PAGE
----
“Hurricane Dorian rips through the northern Bahamas and leaves almost nothing behind.”
“Countless bodies piling up in Dorian’s wake.”
These are the headlines many have been reading about my wonderful island home, Abaco (part of the Bahamas), recently. The mass graves that have been dug in order to accommodate the countless who have lost their lives are places that I drove by my entire childhood. The photos of the forty-six-foot fishing vessel in the middle of the road is three hundred feet in front of the entry to my neighborhood. Broken is the only word that can truly describe the feeling I and my fellow Bahamians have been experiencing since we realized how truly devastated our safe haven is. My parents stayed in Abaco during the storm as they always do during hurricanes. The only difference this time is that this was no seasonal hurricane. This storm was a cruel and cold-blooded killer.
During Dorian, a cyclone of godlike proportions, a window in our house that has withstood many hurricanes prior popped out. When it popped out, my parents ran to try put in back in place but could not. Once they gave up the effort, they felt the entire pressure in the house change and said their eardrums “felt as though someone had put needles right through them”. With the pressure change, the structure of the house suddenly began to give way and started to crumble with both my parents trapped inside. They put the dogs in the downstairs guest bedroom and huddled at the back door and waited for an ease in the wind and pressure so they could kick the door open to flee to a safe place. It was at this time that they said their farewells and goodbyes. My dad spoke about that moment saying, he still had faith, but my mother did not.
Shortly after that moment, the eye of the storm passed over them and allowed them to get the dogs and escape from our crumbling house. They, along with everyone in their area, had a 32-minute window to assess the situation and make the determination of where they would go for the second half of the storm once the eye had left their location. Luckily our neighbor’s newly constructed house stood the test of the storm, so they spent the rest of the storm with him and his wife. This also became their new place to live for the next three nights after the storm.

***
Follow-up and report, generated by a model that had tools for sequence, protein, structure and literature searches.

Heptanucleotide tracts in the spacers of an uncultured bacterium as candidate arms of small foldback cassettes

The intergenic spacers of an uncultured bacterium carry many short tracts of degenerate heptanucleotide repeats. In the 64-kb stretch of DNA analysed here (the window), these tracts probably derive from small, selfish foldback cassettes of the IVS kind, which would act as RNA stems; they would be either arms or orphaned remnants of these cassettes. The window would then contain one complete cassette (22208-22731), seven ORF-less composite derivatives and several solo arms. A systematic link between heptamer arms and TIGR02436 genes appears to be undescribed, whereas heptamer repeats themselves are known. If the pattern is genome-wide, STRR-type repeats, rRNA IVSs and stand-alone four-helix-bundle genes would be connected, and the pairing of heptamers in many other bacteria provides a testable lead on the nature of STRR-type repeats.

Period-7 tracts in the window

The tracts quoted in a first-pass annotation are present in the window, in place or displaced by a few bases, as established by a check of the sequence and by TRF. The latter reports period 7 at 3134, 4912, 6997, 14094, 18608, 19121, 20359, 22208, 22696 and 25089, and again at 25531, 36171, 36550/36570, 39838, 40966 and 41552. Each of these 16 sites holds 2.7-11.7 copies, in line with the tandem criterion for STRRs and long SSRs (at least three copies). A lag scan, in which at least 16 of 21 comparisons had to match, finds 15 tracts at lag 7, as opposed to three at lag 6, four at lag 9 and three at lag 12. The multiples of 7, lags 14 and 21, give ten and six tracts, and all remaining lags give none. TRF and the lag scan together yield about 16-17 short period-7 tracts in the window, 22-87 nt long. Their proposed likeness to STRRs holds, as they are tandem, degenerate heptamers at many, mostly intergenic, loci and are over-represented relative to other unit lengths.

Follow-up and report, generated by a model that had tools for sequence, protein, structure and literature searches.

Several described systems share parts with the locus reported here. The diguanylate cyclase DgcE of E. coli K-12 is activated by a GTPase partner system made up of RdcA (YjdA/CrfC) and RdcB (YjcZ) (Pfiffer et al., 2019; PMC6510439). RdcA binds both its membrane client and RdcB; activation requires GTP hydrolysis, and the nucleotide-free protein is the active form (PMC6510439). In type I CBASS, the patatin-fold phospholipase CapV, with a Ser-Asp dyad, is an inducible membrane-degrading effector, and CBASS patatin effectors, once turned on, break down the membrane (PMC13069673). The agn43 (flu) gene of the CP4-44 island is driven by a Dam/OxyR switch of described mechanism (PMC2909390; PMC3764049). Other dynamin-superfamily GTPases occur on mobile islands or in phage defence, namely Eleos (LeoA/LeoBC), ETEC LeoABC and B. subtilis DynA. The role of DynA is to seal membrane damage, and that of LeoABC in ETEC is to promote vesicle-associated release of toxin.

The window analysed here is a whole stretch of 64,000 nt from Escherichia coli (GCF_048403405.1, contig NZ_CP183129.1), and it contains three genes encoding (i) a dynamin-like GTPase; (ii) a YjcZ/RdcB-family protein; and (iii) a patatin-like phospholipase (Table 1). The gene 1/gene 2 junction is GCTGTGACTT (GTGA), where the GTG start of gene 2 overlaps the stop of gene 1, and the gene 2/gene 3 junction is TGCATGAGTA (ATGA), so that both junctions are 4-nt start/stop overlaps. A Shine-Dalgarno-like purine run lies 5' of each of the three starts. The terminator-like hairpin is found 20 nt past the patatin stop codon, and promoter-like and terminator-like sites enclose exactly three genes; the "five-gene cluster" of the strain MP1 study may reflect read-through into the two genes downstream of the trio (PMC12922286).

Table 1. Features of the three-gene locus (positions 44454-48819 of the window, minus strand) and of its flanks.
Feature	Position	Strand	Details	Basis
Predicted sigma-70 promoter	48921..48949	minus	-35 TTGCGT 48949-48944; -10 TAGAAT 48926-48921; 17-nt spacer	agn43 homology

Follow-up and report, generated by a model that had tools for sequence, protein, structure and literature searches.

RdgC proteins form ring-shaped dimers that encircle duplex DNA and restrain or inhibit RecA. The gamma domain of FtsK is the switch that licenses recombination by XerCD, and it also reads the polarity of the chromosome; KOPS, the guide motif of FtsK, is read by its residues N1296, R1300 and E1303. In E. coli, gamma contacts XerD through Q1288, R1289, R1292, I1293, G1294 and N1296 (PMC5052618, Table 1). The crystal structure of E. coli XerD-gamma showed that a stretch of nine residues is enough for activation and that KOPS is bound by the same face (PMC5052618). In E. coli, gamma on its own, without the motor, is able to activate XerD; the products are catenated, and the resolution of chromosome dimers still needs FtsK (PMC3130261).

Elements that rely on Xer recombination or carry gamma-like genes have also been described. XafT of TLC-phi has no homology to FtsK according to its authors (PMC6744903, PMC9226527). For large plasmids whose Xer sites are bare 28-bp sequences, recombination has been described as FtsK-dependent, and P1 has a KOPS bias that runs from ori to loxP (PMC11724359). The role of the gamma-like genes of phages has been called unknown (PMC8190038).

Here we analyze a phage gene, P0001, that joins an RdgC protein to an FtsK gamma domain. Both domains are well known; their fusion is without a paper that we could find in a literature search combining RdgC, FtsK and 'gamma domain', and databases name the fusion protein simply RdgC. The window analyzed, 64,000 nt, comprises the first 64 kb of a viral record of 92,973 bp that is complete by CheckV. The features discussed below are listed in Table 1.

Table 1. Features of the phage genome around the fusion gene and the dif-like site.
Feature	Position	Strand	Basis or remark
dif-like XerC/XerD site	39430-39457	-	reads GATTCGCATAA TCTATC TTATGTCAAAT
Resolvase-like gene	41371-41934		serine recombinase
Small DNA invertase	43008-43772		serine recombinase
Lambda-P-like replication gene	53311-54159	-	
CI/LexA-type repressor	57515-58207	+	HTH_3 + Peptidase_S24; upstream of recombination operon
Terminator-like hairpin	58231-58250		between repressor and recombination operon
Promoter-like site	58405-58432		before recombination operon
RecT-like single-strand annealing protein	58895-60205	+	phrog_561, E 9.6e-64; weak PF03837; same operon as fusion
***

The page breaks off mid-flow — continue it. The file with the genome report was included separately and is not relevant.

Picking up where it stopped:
When the storm was over Abaco, it boasted winds of over 170 miles per hour for 10 hours and winds over 100 miles per hour for 14 hours. Very little can survive a monstrosity of that proportion. Full-size fishing vessels lined the streets, dead bodies floated throughout the town and hung out of cars and buildings. Infants were ripped from their parent’s arms as they sat on top of houses to avoid flooding and buildings collapsed on entire families. Total loss is as accurate a summary as one can give. Over 90 percent of Abaconians are without a home and ground troops estimate the loss of life to be close to 1,000 for the Abaco island alone.
In the hours following the storm, a small group of the Haitian population that lived in the shanty homes and poorest areas of Abaco, who had their homes wiped out very early into the storm, went and looted the guns from the hardware store. This created mayhem on top of an already stressful situation. The small group of rebel Haitians went all around the main township looting with guns and stealing supplies. My parents and their neighbors took shifts with the shotgun to ensure no one came for their supplies and even had to wave their guns at a few of the looters one day to get them to leave the area. My parents were desperate for a way out, so my family and I worked around the clock for 72 hours, to try to find a workable plan to try to get them out. Bahamas National Emergency Management Agency (NEMA) blocked the airspace for nearly 48 hours, so it was impossible for us to fly them out. Finally, a full four days after the storm, my parents boarded a private charter to leave the island and get to safety.
Dorian’s destruction goes far beyond what happened on the island that day as many Bahamians are showing clear signs of PTSD and need treatment, but corrupt government organizations still don’t even have all the people safe or fed yet. Therefore, unfortunately, we are a long way away from anything like that. Despite all of this, Bahamians are a historically resilient people and as our national motto states, we will continue “Upward, Onward, Forward, Together.”
Written by Mill Albury.